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Bill C-32: The Canadian Copyright Modernization Act - From Radical Extremism to Balanced Copyright
05-22-2010, 10:12 AM,
Bill C-32: The Canadian Copyright Modernization Act - From Radical Extremism to Balanced Copyright
Have your say, spread the word. This especially goes out to my fellow Canadian peeps here on ConCen. No coverage of this in Canadian media. Only 4 weeks left until they totally disregard the public record!

Quote:Don’t Allow Your Voice To Be Silenced In The Canadian Copyright Debate

[Image: gagged1.jpg]

The Canadian Coalition for Electronic Rights has updated its online letter writing wizard in light of recent developments in the Canadian copyright reform front. This update is intended to address the Government’s seeming willingness to ignore the voices of thousands of Canadians and proceed with the introduction of anti-consumer copyright reform legislation in as little as 6 weeks. Legislation that goes in a polar opposite direction of what Canadians demanded during the consultation process.

Send your letter now and share this tool with your friends, family and co-workers. It is essential that we all speak up now while we have the opportunity.

Image credit Yellow-Stock

CCER on Twitter

Michael Geist Blog

Fair Copyright for Canada

Fair Copyright for Canada on Facebook

There's better C-61 / C-62 information out there but this is one public rally I managed to attend personally.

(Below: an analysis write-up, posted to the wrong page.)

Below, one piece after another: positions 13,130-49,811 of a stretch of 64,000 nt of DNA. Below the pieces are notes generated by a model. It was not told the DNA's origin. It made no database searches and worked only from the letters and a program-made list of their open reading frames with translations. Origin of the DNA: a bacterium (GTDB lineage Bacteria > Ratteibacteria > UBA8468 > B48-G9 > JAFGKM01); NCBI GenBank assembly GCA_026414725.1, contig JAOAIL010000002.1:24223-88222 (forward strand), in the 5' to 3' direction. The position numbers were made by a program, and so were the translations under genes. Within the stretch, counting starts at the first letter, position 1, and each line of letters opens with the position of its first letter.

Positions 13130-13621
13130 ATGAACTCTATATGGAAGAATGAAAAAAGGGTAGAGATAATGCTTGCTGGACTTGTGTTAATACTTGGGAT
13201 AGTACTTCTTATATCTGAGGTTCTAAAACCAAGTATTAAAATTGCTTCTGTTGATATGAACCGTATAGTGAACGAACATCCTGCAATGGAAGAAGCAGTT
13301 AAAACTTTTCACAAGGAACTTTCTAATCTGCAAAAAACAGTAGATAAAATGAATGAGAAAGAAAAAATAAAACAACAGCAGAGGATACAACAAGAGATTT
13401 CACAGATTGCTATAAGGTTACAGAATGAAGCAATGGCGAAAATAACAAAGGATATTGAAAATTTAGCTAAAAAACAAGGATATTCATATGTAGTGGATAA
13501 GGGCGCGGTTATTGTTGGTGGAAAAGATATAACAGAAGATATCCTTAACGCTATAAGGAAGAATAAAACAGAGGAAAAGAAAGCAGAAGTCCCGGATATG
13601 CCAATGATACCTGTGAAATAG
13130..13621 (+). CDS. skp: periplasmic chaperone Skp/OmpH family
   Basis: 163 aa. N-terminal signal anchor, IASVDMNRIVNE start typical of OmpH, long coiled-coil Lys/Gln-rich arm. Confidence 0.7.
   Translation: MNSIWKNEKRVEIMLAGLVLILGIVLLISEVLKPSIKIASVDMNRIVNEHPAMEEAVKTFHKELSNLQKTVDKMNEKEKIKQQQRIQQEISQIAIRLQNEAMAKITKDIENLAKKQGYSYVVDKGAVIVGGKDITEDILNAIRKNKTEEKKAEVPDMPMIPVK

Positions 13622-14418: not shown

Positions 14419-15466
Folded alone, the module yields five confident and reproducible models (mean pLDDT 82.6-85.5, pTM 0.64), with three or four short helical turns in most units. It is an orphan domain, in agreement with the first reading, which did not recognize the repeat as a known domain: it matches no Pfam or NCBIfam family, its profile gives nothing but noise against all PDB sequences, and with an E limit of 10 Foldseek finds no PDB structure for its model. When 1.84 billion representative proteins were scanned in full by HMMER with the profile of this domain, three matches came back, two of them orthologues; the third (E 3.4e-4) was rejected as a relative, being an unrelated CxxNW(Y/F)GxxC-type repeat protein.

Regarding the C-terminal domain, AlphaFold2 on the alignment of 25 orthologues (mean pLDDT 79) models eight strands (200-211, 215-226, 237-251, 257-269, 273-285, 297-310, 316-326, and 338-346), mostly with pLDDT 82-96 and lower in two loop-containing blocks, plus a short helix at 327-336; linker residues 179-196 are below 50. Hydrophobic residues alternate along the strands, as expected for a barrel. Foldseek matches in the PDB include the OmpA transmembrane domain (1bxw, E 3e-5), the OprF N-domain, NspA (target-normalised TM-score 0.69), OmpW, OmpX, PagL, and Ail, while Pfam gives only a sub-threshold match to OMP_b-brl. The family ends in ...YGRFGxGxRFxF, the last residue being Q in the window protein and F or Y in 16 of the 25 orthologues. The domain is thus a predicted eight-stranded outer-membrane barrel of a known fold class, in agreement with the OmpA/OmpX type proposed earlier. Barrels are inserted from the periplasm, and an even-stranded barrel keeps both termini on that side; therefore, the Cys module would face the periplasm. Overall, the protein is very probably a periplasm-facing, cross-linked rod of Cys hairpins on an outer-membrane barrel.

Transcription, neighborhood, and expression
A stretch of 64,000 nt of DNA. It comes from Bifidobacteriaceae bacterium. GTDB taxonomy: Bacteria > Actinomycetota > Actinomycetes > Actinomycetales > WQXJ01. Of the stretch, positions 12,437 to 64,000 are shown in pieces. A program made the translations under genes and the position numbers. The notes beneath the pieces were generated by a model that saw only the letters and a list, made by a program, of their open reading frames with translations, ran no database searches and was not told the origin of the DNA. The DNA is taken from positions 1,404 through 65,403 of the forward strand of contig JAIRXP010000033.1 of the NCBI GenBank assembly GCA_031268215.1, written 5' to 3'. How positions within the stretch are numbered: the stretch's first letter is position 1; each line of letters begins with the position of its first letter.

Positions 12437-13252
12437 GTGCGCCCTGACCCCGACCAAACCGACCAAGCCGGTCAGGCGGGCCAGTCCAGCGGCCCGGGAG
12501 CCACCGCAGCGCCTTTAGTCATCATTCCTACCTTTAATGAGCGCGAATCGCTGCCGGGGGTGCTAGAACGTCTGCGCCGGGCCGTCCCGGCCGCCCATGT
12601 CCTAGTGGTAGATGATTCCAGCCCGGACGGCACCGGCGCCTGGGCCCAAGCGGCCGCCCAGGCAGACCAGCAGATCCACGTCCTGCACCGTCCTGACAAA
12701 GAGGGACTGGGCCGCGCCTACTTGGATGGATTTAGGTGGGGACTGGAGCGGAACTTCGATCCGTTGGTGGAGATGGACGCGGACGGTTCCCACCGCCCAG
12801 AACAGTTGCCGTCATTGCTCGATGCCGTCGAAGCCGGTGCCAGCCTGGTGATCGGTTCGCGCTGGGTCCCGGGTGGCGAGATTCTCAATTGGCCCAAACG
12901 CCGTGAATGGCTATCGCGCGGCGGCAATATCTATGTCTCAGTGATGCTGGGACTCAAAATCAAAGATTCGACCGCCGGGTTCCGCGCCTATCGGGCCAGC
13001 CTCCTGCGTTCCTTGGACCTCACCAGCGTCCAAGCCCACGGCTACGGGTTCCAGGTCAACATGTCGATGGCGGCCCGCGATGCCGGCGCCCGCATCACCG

Fair Copyright for Canada - Edmonton Round Table [2009.09.03] [mp3]
There are no others, there is only us.
05-22-2010, 01:44 PM,
RE: Canadian Coalition for Electronic Rights: Speak Out on Copyright Law
Thanks for keeping us up to date Tad.
An error does not become truth by reason of multiplied propagation, nor does truth become error because nobody sees it.
Mohandas Gandhi

Each of us is put here in this time and this place to personally decide the future of humankind.
Did you think you were put here for something less?
Chief Arvol Looking Horse
05-22-2010, 11:11 PM,
RE: Canadian Coalition for Electronic Rights: Speak Out on Copyright Law
Official page calling for public input

.. and Tony Clement gives it some face time, how sweet of our government to pretend to care. Well some actually do, maybe we can reach those MPs and old Senators and at the same time opt out of ACTA.

Here's another template letter if you didn't jive with the first, couldn't hurt but best to speak with your own words.

template letter to send to Canadian government, against copyright “reform”
There are no others, there is only us.
05-22-2010, 11:36 PM,
RE: Canadian Coalition for Electronic Rights: Speak Out on Copyright Law
go get 'em Taddy!
[Image: conspiracy_theory.jpg]
10-15-2010, 12:20 PM,
Bill C-32: The Canadian Copyright Modernization Act
Well thought I'd Update this since it's been re-drafted as C-32 quite awhile ago.

Changed up the title too. The resources listed above are still excellent and pertinent.

It's now labelled Bill C-32: The Copyright Modernization Act and is also referred to as The Canadian Copyright Modernization Act.

It goes much deeper than Fair Use Legislation and DRM but this article was a very well written excerpt from the essay collection All PDFs are available in the section below and are licenced under Creative Commons. You can purchase the book online as well from the link that follows.

Quote:Locking Out Lawful Users
October 12, 2010 by Carys Craig

Carys Craig is an Associate Professor at Osgoode Hall Law School